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Garstang

GARSTANG, a small town, a township, a parish, a sub-district, and a district in Lancashire. The town stands on the river Wyre, the Preston and Lancaster canal, and the Preston and Lancaster railway, 11 miles South of Lancaster. It was occupied by the Pretender, for a short time, in 1715. It is irregularly built; possesses one main street; and presents an unattractive appearance. It has a bridge over the Wyre, a town-hall, a corn-exchange, a church, three dissenting chapels, a head post office, and a railway station; is a seat of sessions and a polling-place; was incorporated in 1314, with renewal of charter in 1680; and is governed by a bailiff and seven capital burgesses. Fairs are held on Holy Thursday, 10 July, and 22 Nov.; a good corn trade is carried on; and many of the inhabitants of the town and neighbourhood are employed in corn mills, worsted mills, and cotton factories. The township comprises 500 acres. Real property, £2,684. Pop. in 1851, 839; in 1861, 714. Houses, 158. The decrease of pop. was caused by the migration of operatives and the pulling down of old cottages. The parish contains also the townships of Claughton, Catterall, Kirkland, Nateby, Winmarleigh, Cabus, Barnacre-with-Bonds, Nether Wyresdale, Forton, Holleth, Cleveley, Bilsborrow, and Pilling. Acres, 31,403. Real property, £44,864; of which £55 are in quarries. Pop. in 1851, 7,465; in 1861, 7,221. Houses, 1,364. The church now in the town was originally a chapel of ease, and is dedicated to St. Thomas. The living of St. Helen is a vicarage, and that of St. Thomas is a p. curacy in the diocese of Manchester. Value of St. Helen, £400;* of St. Thomas, £150.* Patrons of St. Helen, R. and T. Pedder, Esqs.; of St. Thomas, the Vicar of Garstang. The chapelries of Calder Vale and Pilling are separate benefices. There are dissenting chapels in some of the townships; and there are a Roman Catholic chapel and school, a national school, an endowed school with £6, and other charities with £180.

John Marius Wilson, Imperial Gazetteer of England and Wales (1870-72) more ...

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Archives and Libraries

Garstang Library,
Windsor Road,
Garstang
PRESTON
PR3 1ED

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Census

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Civil Registration

The Register Office covering the Garstang area is Lancaster.

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Description and Travel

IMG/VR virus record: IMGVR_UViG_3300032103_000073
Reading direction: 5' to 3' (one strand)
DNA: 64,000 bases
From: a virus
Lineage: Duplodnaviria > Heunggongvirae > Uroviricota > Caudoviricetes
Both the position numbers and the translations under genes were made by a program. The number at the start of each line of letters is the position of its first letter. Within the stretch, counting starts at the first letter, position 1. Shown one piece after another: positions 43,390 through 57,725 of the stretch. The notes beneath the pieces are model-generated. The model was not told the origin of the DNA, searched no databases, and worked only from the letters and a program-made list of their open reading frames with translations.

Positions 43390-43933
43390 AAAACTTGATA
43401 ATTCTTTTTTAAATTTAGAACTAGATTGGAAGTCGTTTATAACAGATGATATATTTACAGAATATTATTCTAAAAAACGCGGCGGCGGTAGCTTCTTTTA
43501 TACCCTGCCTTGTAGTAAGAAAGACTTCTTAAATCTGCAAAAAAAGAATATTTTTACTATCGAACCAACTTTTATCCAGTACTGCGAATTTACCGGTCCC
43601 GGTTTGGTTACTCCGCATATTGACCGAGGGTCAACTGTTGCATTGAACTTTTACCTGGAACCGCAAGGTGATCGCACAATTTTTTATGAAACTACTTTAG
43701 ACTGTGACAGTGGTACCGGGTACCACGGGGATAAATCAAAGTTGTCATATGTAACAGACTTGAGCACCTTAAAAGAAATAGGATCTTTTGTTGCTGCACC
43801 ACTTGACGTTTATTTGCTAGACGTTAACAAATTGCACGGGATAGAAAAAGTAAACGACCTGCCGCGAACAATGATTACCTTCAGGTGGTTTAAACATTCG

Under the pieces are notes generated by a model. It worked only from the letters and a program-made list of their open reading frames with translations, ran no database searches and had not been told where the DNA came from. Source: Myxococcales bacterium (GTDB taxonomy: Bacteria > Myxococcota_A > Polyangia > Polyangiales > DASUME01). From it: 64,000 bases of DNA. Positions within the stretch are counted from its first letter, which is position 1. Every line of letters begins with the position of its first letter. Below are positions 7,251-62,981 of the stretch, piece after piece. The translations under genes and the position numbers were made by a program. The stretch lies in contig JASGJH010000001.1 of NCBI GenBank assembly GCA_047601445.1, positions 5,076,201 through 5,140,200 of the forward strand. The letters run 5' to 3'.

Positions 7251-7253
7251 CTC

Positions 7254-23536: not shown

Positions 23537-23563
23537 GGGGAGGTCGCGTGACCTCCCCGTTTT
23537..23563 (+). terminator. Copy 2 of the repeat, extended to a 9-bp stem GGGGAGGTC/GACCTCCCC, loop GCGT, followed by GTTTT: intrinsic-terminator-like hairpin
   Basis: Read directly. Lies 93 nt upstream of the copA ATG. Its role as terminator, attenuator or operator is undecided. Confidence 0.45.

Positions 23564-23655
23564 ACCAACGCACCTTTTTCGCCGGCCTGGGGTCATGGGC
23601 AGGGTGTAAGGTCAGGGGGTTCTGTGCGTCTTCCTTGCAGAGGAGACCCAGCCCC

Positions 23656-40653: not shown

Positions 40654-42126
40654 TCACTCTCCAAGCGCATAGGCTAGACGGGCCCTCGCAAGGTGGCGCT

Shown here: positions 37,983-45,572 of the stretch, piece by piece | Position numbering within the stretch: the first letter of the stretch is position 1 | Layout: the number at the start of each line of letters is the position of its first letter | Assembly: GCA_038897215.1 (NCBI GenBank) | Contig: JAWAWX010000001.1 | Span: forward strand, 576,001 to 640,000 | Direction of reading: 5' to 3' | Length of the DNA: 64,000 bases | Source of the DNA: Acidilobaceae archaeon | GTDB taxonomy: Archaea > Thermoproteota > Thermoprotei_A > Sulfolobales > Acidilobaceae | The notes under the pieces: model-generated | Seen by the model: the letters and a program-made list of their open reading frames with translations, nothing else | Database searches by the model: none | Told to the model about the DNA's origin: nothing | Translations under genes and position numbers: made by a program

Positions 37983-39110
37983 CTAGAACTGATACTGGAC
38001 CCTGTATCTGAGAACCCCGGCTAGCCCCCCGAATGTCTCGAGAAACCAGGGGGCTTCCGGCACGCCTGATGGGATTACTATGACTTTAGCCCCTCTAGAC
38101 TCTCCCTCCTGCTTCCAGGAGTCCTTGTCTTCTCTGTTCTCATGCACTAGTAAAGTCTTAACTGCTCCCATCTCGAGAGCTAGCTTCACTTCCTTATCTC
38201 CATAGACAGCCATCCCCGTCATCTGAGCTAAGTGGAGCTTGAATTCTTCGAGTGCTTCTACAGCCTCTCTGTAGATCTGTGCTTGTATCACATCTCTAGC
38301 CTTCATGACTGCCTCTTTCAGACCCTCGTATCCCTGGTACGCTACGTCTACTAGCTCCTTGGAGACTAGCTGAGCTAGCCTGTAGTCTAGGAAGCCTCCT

You can see pictures of Garstang which are provided by:

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Gazetteers

Ask for a calculation of the distance from Garstang to another place.

Click here for a list of nearby places.

1868 - The National Gazetteer of Great Britain and Ireland

  • "GARSTANG, a parish and market town, in the hundred of Amounderness, county palatine Lancaster, 10 miles S. of Lancaster, and 230 from London. It is situated on the Preston and Lancaster canal, and the river Wyre forms its eastern boundary. The parish is very extensive, and includes the twelve townships of Barnacre-with-Bonds, Bilsborough, Calms, Catterall, Claughton, Clevely, Garstang, Hambleton, Holleth, Kirkland, Nateby, Nether Wyersdale, Pilling, Winmarleigh, &c. The town was incorporated in the first instance by Edward II., and afterwards received a charter, with extended privileges, from Charles II., its government being vested in a bailiff and 7 burgesses. It was occupied by the Pretender for a short time in 1715. One main street forms the principal portion of the town, which is clean, and has communication with the opposite, side of the river Wyre by means of a handsome bridge. There is a town hall, in which the public business of the place is transacted. Petty sessions are held here fortnightly, and it is a polling-place for the northern division of the county. It is also the head of a Poor-law Union, embracing 23 parishes, and of a superintendent registry and new County Court districts. The river affords abundant sport to the lovers of angling. The living is a vicarage in the diocese of Manchester, value £400. The parish church, which is situated in Church Town Kirkland, is dedicated to St. Helen. There is also in the town a chapel-of-ease, dedicated to St. Thomas, the living of which is a perpetual curacy, value £150, in the gift of the vicar. At Pilling there is a district church, a perpetual curacy, value £124. The parochial endowments, for various local purposes, produce nearly £190 per annum. The Independents, Wesleyans, and Roman Catholics have each a chapel, and there is a free school with a small endowment, as well as National school, and one belonging to the Roman Catholics. There are also chapels and schools in some of the townships In the neighbourhood are the ruins of Greenhaugh Castle. Thursday is market day for provisions and grain. Fairs are held on the 12th April, Holy Thursday, 10th and 11th July, and 22nd and 23rd November; and for live stock every alternate Thursday, from the first Thursday in Lent to Holy Thursday."

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Historical Geography

In 1835 the parish of Garstang contained the townships of Garstang, Pilling, Winmarleigh, Cabus, Nether Wyresdale, Nateby, Kirkland, Barnacre with Bonds, Catterall, Claughton and Bilsborrow.

Information about boundaries and administrative areas is available from A Vision of Britain through time.

You can see the administrative areas in which Garstang has been placed at times in the past. Select one to see a link to a map of that particular area.

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Probate Records

For probate purposes prior to 1858, Garstang was in the Archdeaconry of Richmond, in the Diocese of Chester. The original Lancashire wills for the Archdeaconry of Richmond are held at the Lancashire Record Office.

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